Moderna Applies for Emergency F.D.A. Approval for Its Coronavirus Vaccine – The New York Times
The drugmaker Moderna said it would apply on Monday to the Food and Drug Administration to authorize its coronavirus vaccine for emergency use.
Mr. Bancel said the company was “on track” to produce 20 million doses by the end of December, and 500 million to a billion in 2021. Each person requires two doses, administered a month apart, so 20 million doses will be enough for 10 million people.
Over all, about 13.3 million Americans have contracted the virus, and more than 265,900 have died. Worldwide, there have been nearly 62 million cases and almost 1.5 million deaths.
One of those is made by AstraZeneca, which announced positive but puzzling preliminary results on Nov. 23: Its vaccine was 90 percent effective in people who received a half dose and then a full one, but 62 percent effective in those who received two full doses. Researchers are waiting for more data.
The government has arranged to buy vaccines from both Moderna and Pfizer and to provide it to the public free of charge. Moderna has received a commitment of $955 million from the U.S. government’s Biomedical Advanced Research and Development Authority for research and development of its vaccine, and the United States has committed up to $1.525 billion to buy 100 million doses.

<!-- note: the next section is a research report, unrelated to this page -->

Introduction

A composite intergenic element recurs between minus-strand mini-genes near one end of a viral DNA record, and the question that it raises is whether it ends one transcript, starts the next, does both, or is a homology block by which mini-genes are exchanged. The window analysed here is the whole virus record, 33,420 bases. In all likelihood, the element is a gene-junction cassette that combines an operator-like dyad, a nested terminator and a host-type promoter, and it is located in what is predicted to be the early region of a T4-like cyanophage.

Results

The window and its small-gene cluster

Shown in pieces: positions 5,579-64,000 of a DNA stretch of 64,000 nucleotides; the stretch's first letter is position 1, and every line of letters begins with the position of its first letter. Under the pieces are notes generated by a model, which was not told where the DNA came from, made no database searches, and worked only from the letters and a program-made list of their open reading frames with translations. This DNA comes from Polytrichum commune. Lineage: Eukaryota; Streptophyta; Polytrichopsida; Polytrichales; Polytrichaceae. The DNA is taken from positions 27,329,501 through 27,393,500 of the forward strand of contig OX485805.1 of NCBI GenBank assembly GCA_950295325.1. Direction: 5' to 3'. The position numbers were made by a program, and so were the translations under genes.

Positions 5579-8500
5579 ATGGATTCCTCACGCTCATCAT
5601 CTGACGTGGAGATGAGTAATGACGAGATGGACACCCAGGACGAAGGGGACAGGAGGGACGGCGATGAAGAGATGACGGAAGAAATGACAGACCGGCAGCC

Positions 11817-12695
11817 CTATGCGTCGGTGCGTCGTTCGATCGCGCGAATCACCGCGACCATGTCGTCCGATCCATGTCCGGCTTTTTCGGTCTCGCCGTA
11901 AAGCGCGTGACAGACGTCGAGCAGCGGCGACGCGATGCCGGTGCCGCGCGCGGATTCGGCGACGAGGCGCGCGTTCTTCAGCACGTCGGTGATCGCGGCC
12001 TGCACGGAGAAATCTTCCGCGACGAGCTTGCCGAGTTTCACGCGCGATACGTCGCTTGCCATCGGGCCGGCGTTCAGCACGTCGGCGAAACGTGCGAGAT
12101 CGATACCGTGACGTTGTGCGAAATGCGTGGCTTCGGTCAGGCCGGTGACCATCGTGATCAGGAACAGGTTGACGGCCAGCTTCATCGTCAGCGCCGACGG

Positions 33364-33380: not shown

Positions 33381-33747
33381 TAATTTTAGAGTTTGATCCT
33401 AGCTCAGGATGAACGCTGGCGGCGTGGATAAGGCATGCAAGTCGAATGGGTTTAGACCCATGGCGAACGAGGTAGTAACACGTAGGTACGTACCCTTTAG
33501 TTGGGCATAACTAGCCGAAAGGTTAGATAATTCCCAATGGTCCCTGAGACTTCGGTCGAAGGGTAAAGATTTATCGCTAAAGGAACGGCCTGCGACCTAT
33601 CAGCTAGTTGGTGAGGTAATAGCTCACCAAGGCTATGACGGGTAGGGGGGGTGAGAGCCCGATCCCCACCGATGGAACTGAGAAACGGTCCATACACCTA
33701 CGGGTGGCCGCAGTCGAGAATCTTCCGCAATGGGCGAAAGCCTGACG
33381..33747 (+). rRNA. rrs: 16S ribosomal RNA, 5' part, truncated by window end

The Road to a Coronavirus Vaccine
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Both Moderna’s and Pfizer’s vaccines use a synthetic form of genetic material from the coronavirus called messenger RNA, or mRNA, to program a person’s cells to make many copies of a part of the virus. That viral fragment sets off alarms in the immune system and trains it to recognize and attack if the real virus tries to invade.
No mRNA vaccine has reached the market before, and the candidates from Pfizer and Moderna have faced considerable skepticism from scientists and a wary public.
But the strong results from both vaccines have begun to quash the doubts.
So far, neither vaccine has had serious side effects, but many recipients have had headaches, mild fevers, fatigue, joint and muscle aches and sore arms for a day or two.
Of the 30,000 people in the Moderna study, half were vaccinated and half received placebo shots of salt water; neither the participants nor their doctors knew who got what. Then, researchers monitored the participants to see who contracted the coronavirus, and watched for side effects.
To determine statistically whether the vaccine was effective, a total of 151 cases of Covid-19 were needed.
Because the coronavirus has been surging in the United States, Moderna wound up with 196 cases — 185 in the placebo group, and 11 in the vaccinated group, meaning that the vaccine was 94.1 percent effective at preventing Covid-19.
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